Wilson County’s nominees for the Governor’s Volunteer Stars Awards said they are humbled by the honor. Sixteen-year-old Gillian Fuhrmeister and retired builder Stephen Wheeley will both attend the ceremony Sunday in Franklin.
Fuhrmeister, the youth nominee, is a junior at Mt. Juliet High School, where she serves as vice president of the Science National Honor Society, president of the Best Buddies Club, and a peer leader for the Tennessee Teen Institute. She does this all while maintaining an A average.
She has volunteered a lot of her time with Drug Free WilCo, which is a coalition dedicated to preventing misuse of and addiction to drugs in Wilson County. As the youth sector representative, Gillian has been instrumental in planning events and increasing outreach among her peers. Gillian’s drive to educate youths in the community and increase youth participation in the coalition facilitated the creation of the Youth Prevention Coalition. She now serves as YPC president of this division of Drug Free WilCo.
“Drug Free WilCo is a group that works a lot toward prevention and awareness around vaping, smoking, opioid abuse and substance abuse. They are working hard with getting the information into Wilson County about their message,” said Fuhrmeister. “They were lacking in the youth section of it so I am their youth representative. I started all their social media accounts and last October started the youth coalition.”
Fuhrmeister said she was nominated by Tammy Grow, the co-chairperson of Drug Free WilCo and is the sponsor of the Prevention Coalition. She said the award she is nominated for is in recognition of the service she has done with Drug Free WilCo among many other volunteer projects she is engaged in.
Wheeley, the adult nominee, said he became involved in volunteer work a few years ago. He said he can pinpoint it to a specific event 12 years ago when a developer was attempting to build a religious theme park in town. Wheeley said he knew the contractors were not religious and only doing it to make a profit and he felt it in his gut it would not be right to let them build it.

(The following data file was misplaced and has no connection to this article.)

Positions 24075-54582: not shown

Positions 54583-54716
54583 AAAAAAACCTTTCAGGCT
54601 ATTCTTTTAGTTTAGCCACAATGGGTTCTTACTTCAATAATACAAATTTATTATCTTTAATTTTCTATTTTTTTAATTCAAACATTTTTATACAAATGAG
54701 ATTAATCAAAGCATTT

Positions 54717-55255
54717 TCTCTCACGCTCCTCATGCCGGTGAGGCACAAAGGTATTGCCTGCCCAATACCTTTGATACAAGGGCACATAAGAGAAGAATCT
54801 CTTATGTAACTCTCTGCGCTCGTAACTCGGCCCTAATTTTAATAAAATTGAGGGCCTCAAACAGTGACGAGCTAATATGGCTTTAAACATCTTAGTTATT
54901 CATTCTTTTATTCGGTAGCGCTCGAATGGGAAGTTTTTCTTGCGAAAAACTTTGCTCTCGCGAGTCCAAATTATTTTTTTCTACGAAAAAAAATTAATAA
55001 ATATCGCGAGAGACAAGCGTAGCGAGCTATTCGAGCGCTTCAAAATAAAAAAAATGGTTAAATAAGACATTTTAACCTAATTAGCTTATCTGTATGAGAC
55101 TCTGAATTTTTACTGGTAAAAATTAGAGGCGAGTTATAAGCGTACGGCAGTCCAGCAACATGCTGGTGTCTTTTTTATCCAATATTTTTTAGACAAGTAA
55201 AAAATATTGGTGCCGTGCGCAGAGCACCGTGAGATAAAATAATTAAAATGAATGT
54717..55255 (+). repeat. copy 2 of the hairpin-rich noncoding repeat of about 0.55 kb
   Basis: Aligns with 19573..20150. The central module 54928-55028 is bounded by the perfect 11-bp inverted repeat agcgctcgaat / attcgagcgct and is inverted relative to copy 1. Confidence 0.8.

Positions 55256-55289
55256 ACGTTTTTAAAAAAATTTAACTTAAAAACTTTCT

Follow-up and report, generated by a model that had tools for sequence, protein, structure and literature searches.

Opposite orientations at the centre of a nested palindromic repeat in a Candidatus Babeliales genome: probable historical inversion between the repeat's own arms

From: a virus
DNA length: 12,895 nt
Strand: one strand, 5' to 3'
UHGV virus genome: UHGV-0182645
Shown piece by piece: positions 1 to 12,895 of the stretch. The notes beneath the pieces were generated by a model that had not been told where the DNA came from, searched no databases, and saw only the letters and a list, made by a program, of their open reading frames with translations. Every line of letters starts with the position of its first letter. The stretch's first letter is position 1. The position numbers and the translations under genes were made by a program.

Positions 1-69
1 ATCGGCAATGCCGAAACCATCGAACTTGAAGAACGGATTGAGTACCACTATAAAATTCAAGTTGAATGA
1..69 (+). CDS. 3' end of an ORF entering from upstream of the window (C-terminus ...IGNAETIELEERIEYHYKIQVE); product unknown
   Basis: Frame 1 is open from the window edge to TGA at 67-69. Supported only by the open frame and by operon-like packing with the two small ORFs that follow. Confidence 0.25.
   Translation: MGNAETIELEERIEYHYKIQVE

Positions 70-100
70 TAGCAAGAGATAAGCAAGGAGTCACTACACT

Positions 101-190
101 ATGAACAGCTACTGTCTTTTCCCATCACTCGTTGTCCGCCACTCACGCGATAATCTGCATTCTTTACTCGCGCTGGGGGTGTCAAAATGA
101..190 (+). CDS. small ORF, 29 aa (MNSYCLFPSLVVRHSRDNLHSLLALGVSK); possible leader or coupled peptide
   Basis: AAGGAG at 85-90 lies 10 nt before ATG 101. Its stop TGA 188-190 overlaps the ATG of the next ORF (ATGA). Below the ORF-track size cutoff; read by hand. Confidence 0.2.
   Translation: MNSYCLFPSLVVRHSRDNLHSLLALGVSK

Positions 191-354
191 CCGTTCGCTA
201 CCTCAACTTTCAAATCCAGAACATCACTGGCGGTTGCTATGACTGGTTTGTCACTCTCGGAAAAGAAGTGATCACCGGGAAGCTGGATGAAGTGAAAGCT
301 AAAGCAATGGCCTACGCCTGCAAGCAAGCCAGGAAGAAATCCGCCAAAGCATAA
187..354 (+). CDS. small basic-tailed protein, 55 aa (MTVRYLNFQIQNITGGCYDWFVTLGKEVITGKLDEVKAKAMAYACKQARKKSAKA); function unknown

“Even though I wasn’t attending church at the time, I knew it was wrong,” said Wheeley. “The feeling got so strong I knew it was God calling me to do this.”
Wheeley said they managed to block the construction of the park. After that he knew he wanted to dedicate his life to God and start helping his fellow man. He said he felt a calling and got involved with World Vision and still sponsors two children today, one in Rwanda and one in Mexico.
Wheeley said eventually he and other friends from his church community came up with the idea of Compassionate Hands Ministries, a group of churches that open their doors to the homeless. Now Wheeley does a lot of his volunteer work through The Salvation Army.
Wheeley was nominated by friend John Grant, executive director of Compassionate Hands, but said he does not want to be given any accolades for anything that he does. He says it is the faith of he and others like him that he is able to do the things that he does.
“Right off the bat, me winning this award isn’t about me, it’s about God,” said Wheeley. “What I do I do to be obedient to His command and serve other people and love my neighbor as myself.”
The Governor’s Volunteer Stars Awards is an initiative from Volunteer Tennessee that seeks to recognize outstanding volunteers from each of Tennessee’s 95 counties. With the program now in its 12th year, participating counties conduct a call for nominations and recognize one outstanding youth and one outstanding adult volunteer.